This past weekend, Scott and I had a chance to play Gears of War together. I know, we are a little late to the game, but we want to have a foundation before we approach its well acclaimed sequel. After grabbing some 'cold ones' and some strategic couch placement, we proceeded to unleash a world of hurt on the locust armies. Though we've yet to finish the game, there is a sensation from playing that I cannot shake. The entire experience felt like a combination of watching and playing the Superbowl.
More than any game that comes to mind, even sports games, Gears of War evokes a sense of team camaraderie, along with all the baggage that comes with masculine sports culture. Many of the game elements, visually, mechanically, and audible, support a design theme that intentionally evokes the passionate, and often ridiculous, behavior of sporting events.
Let's take a look at the most obvious, and ridiculed, aspect of the Gears of Wars cast: the guys are enormous. Their immense girth is just as unsettling as the locust army. The army Marcus and his teammates wear are equally imposing. Brighten up their COG regalia with splashes of color, and these men would fit well into any football team's defensive line. The average locust soldier, with their comparable size, could easily be imagined as the offensive team, and this is exactly how they are treated.
Dialogue in Gears of War is largely made up of insults, and self-congratulatory exclamations. Marcus frequently announces a successful 'active reload' with a gruff "sweet" or "nice," and taunts nearby locusts with "bring it" or "eat boot." Dom raucously joins these bits of running commentary with "in your face," " shit yeah" or "sup bitches?" None of these comments sound out of the ordinary, particularly when coupled with Augustus Cole's declaration of "that one's for the highlight real" or "the train is a smooth ride." Cole Train, as he calls himself, is voiced by Lester Speight of Office Linebacker fame, and like his in-game character, is also an ex-football player.
Marcus, Dom, Cole, and Baird's taunts and insults are just as frequently directed towards each other as they are towards their enemies. This creates relationships between these characters that are more similar to popular depictions of teammates than soldiers (though the two no doubt intertwine). Rank is seldom an issue, civilians are treated with indifference at best, and emotions are treated with a "get in the game" mentality, usually resulting in any remotely touching scene being quickly followed by "sup bitches." In popular depictions of masculinized sporting culture, this behavior is not out of character whatsoever.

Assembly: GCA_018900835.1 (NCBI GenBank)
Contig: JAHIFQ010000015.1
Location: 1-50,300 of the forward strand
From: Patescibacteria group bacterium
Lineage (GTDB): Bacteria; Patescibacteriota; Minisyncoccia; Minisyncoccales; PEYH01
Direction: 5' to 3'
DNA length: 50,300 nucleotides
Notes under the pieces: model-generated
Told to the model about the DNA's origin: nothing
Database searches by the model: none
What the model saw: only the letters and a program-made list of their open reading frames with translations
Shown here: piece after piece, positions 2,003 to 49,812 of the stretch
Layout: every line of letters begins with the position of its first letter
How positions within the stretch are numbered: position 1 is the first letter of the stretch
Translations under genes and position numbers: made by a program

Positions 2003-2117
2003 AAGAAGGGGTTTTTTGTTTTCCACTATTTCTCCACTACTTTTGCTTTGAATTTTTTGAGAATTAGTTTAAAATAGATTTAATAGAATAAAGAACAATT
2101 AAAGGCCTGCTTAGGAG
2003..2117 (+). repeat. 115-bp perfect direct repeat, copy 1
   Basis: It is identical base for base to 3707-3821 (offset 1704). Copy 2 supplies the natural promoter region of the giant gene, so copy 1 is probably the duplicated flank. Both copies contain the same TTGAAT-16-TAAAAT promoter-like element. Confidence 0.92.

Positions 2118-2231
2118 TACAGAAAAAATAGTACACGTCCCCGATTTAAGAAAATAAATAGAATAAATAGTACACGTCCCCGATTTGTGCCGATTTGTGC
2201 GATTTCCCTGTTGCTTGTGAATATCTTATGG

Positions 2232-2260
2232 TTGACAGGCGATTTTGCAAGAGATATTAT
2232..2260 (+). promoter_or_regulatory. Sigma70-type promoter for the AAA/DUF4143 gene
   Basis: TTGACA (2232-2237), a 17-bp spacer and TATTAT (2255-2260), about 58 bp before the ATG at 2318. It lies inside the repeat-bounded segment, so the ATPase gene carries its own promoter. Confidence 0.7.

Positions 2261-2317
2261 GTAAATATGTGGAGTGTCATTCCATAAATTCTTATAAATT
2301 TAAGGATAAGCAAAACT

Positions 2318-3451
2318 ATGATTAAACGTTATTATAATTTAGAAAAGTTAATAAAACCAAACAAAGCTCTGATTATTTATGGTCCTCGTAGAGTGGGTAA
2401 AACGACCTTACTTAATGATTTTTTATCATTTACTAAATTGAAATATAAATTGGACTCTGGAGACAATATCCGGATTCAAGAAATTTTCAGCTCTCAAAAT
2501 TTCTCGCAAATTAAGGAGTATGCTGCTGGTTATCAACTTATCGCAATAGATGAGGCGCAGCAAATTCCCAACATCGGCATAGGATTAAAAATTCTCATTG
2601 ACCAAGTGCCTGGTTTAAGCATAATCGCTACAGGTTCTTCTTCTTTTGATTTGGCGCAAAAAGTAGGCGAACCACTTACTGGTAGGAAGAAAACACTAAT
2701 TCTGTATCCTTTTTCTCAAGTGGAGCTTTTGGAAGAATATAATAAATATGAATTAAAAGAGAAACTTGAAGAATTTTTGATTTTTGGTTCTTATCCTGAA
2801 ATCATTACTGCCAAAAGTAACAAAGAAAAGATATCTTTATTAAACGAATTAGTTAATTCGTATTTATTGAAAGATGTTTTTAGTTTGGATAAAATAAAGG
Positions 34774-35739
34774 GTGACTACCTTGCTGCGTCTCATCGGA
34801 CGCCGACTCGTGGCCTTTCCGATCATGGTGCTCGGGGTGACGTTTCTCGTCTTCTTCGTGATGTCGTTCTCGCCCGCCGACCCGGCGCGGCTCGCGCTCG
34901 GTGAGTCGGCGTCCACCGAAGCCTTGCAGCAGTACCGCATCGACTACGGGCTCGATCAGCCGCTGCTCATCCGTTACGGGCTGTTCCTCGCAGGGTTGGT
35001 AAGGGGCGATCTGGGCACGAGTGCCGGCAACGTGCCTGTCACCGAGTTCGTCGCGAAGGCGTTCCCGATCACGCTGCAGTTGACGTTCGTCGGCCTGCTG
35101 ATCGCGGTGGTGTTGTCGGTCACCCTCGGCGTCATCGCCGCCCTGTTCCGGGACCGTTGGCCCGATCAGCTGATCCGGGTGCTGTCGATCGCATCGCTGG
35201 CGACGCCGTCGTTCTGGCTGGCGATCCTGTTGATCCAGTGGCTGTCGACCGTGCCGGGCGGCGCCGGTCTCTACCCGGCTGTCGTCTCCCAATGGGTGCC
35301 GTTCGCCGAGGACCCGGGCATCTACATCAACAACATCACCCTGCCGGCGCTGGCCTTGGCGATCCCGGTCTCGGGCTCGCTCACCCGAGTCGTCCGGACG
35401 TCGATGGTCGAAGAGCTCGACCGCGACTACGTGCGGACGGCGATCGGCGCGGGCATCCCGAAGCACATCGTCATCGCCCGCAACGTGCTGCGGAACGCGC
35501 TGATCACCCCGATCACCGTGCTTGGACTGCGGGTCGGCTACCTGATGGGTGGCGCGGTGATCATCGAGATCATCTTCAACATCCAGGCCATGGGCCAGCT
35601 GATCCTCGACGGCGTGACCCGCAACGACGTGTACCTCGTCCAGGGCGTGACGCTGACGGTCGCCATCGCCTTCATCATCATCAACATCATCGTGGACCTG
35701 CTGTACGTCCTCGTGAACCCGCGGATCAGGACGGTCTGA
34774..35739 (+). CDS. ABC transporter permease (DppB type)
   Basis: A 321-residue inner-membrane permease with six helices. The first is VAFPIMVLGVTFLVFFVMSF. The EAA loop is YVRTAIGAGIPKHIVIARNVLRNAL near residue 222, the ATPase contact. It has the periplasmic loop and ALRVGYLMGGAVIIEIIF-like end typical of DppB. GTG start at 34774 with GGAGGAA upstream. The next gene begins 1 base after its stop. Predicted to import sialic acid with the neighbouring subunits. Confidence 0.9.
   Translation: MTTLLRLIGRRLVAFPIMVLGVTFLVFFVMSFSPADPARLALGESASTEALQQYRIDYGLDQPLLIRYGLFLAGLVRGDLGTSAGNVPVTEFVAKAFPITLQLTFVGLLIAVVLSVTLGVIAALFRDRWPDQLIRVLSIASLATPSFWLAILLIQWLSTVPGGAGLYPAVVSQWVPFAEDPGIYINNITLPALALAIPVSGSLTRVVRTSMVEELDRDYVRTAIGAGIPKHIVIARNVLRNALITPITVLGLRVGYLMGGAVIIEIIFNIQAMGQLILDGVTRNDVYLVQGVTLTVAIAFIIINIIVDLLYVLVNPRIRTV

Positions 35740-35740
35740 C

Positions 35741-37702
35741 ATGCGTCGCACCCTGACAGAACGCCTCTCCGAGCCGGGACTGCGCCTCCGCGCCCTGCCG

As I am sure many of you know, even pick up games with family members or friends can become rife with otherwise inappropriate banter. This behavior is not restricted to real life events. Fantasy football leagues often encourage friendly player antagonism, and any Xbox Live participant has likely heard enough epithets to last them a lifetime. This highlights where the game succeeds. Gears of War creates the sensation of team based camaraderie, partly with clever game design that encourages cooperative behavior, but also by mimicking a sports culture gamers may rarely experience first hand, but are none the less familiar with.
Perhaps this is something to be concerned about. The encouragement of such behavior within gamer culture may just exacerbate what many consider to be a consistent problem with multiplayer experiences. Likewise, some may consider this game to be the ultimate trivialization of warfare. Both of these questions are interesting, and no doubt other writers have touched upon these very subjects, which are best reserved for another time and place.
It is not surprising that playing Gears with Scott is like watching the Superbowl. Backing up your team mate when separated, landing a grenade down a distant hole, and clashing with enemies along fortified lines all feel reminiscent of a sporting event. The art and dialogue support these elements in turn, by drawing upon pop-culture norms. Though I have never been a fan of masculinized sports culture, the sensation is appealing, partly because I know its a bounded simulation. Does this explain some of Gears of Wars success? Did Cliff Bleszinski play football in high school or did he envy the star quarterback? Maybe this is Cliff's way to make his brother, a sports blogger, proud. I can't be sure, but as I see it, the themes are undeniable.